April is National Poetry Month! This month, take the opportunity to explore all kinds of poetry and get inspired. Here are five poetry book suggestions to get your wheels turning. Head down to Orem Library and check out these picks today. Happy reading!
By Danez Smith
Danez Smith is one of the most acclaimed poets of their generation. It’s easy to see why, with lines like, “the way you would break me / into a better me. I ran from it. like any child, I saw my medicine / & it looked so sharp, so exact, a blade fit to the curve of my name.” Read Homie for expansive thoughts on friendship, family, race, and grief in our 21st century America.
By Sylvia Plath
Is there anything better than hearing a poet read their poetry aloud? In this audiobook, you’ll hear archived recordings of the poet Sylvia Plath doing just that. Scorching and raw, Plath enunciates each line to showcase her masterful use of internal rhythm. Her poetry interweaves off-beat images of mental-health, rage, motherhood, and nature. I especially love Plath’s reading of “Lady Lazarus.” If you like confessional poetry with a moody feel, this is a great pick for you.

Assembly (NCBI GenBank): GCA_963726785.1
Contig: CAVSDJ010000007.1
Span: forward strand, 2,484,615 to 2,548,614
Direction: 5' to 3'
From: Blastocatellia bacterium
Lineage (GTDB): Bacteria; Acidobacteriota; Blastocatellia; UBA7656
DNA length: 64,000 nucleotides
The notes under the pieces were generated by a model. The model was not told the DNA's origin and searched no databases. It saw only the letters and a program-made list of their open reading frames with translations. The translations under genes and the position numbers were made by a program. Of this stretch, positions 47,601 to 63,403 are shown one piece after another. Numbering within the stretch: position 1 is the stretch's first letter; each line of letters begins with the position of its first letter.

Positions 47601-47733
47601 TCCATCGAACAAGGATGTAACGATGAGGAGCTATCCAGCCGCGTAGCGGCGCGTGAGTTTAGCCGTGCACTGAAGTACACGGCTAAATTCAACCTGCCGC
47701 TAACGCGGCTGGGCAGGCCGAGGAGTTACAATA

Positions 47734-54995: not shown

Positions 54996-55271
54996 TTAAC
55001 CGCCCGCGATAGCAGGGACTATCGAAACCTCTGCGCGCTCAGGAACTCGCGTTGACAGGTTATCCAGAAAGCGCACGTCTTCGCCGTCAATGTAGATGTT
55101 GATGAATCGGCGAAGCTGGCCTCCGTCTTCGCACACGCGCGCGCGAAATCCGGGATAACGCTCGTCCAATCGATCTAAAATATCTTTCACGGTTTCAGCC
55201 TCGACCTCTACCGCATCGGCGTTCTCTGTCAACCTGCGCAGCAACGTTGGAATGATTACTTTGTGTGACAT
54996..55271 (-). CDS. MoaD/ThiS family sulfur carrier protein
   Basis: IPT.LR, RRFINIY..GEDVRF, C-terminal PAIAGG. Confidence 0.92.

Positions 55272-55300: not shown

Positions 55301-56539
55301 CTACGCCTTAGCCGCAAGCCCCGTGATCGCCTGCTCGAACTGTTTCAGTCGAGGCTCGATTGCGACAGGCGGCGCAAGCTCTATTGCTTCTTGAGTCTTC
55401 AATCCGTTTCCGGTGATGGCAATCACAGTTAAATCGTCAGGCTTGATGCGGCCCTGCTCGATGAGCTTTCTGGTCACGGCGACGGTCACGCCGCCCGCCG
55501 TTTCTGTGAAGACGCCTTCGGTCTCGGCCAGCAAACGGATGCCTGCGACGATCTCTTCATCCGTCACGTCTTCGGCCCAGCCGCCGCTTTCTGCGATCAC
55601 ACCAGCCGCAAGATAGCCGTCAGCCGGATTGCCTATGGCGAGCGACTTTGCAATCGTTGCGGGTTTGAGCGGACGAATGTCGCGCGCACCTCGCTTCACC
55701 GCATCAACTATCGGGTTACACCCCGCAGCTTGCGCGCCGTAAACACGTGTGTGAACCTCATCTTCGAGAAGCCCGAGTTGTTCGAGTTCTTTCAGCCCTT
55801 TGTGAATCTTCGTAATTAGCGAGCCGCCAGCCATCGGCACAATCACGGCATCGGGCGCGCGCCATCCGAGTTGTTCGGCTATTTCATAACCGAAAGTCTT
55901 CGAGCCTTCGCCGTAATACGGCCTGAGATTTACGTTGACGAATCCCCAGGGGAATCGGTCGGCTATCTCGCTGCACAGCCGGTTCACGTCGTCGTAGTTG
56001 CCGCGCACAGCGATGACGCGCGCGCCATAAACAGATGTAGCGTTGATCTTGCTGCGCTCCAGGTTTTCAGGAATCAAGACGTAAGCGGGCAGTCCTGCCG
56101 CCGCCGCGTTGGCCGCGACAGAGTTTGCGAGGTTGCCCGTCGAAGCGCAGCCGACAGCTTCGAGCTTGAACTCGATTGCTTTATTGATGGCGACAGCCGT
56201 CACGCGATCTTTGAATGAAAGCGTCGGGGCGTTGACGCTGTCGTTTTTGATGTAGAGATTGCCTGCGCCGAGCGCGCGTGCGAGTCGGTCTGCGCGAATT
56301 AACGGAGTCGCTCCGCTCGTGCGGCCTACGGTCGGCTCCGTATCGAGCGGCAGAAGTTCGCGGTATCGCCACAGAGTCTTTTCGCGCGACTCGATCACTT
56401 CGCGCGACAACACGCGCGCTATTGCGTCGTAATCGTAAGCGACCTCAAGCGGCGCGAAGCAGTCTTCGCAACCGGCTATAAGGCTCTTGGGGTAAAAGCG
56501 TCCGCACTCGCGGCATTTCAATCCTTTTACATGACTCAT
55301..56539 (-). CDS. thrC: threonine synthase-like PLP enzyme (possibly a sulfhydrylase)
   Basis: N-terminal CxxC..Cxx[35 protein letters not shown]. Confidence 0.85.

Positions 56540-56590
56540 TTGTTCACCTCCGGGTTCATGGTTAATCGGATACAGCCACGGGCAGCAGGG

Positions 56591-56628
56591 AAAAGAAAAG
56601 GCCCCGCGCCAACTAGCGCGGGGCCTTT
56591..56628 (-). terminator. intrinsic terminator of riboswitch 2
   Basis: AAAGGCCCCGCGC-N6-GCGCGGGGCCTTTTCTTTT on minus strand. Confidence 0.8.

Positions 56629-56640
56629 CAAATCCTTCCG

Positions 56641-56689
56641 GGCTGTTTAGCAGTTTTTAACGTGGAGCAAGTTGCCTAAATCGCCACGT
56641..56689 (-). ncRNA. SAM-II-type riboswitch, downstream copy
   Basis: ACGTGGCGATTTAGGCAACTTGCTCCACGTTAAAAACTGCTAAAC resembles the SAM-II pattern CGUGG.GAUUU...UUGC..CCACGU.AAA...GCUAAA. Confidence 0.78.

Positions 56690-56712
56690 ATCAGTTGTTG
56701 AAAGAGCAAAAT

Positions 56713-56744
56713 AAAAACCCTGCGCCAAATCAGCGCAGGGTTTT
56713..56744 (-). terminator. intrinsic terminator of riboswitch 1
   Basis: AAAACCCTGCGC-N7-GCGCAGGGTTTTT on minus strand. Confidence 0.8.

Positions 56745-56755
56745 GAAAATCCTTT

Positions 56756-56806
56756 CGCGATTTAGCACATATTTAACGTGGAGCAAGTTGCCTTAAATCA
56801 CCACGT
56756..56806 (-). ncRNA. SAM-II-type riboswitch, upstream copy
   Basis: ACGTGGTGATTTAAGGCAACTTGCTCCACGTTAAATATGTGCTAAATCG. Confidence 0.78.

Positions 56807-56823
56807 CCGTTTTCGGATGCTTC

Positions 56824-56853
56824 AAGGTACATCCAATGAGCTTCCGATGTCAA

The Backwater Sermons
By Jay Hulme
If slam poetry is more your speed, you’ll likely enjoy The Backwater Sermons by award-winning poet Jay Hulme. In this collection, Hulme examines faith and his transgender identity in a modern world beset by the COVID-19 pandemic. Hulme’s use of alliteration and punchy sounds were especially enjoyable to me. Read this one if you are interested in faith and queer identity.
The Selected Works of Audre Lord
By Audre Lord
Audre Lord is one of the most unforgettable voices of the past century. In this anthology, readers will gain a great understanding of her powerful, expressive poetry. As a Black lesbian woman, much of Lord’s poetry incorporates her identity. The result is a mosaic of vulnerability, beauty, and anger. Pick up this book for poetry on love and revolution.
In the Lateness of the World
By Carolyn Forché
Carolyn Forche has long been recognized for her contributions to contemporary poetry, but her 2020 collection In the Lateness of the World is something else altogether. Haunting and cyclical, her verse meditates on our shared global experiences of history, morality, and connection. I really loved Forche’s poem “Light of Sleep.” It made me feel melancholy, but also oddly comforted. Check out this book if you like to ruminate on the human condition.
Recommended by Chelsea McNeil, Library Intern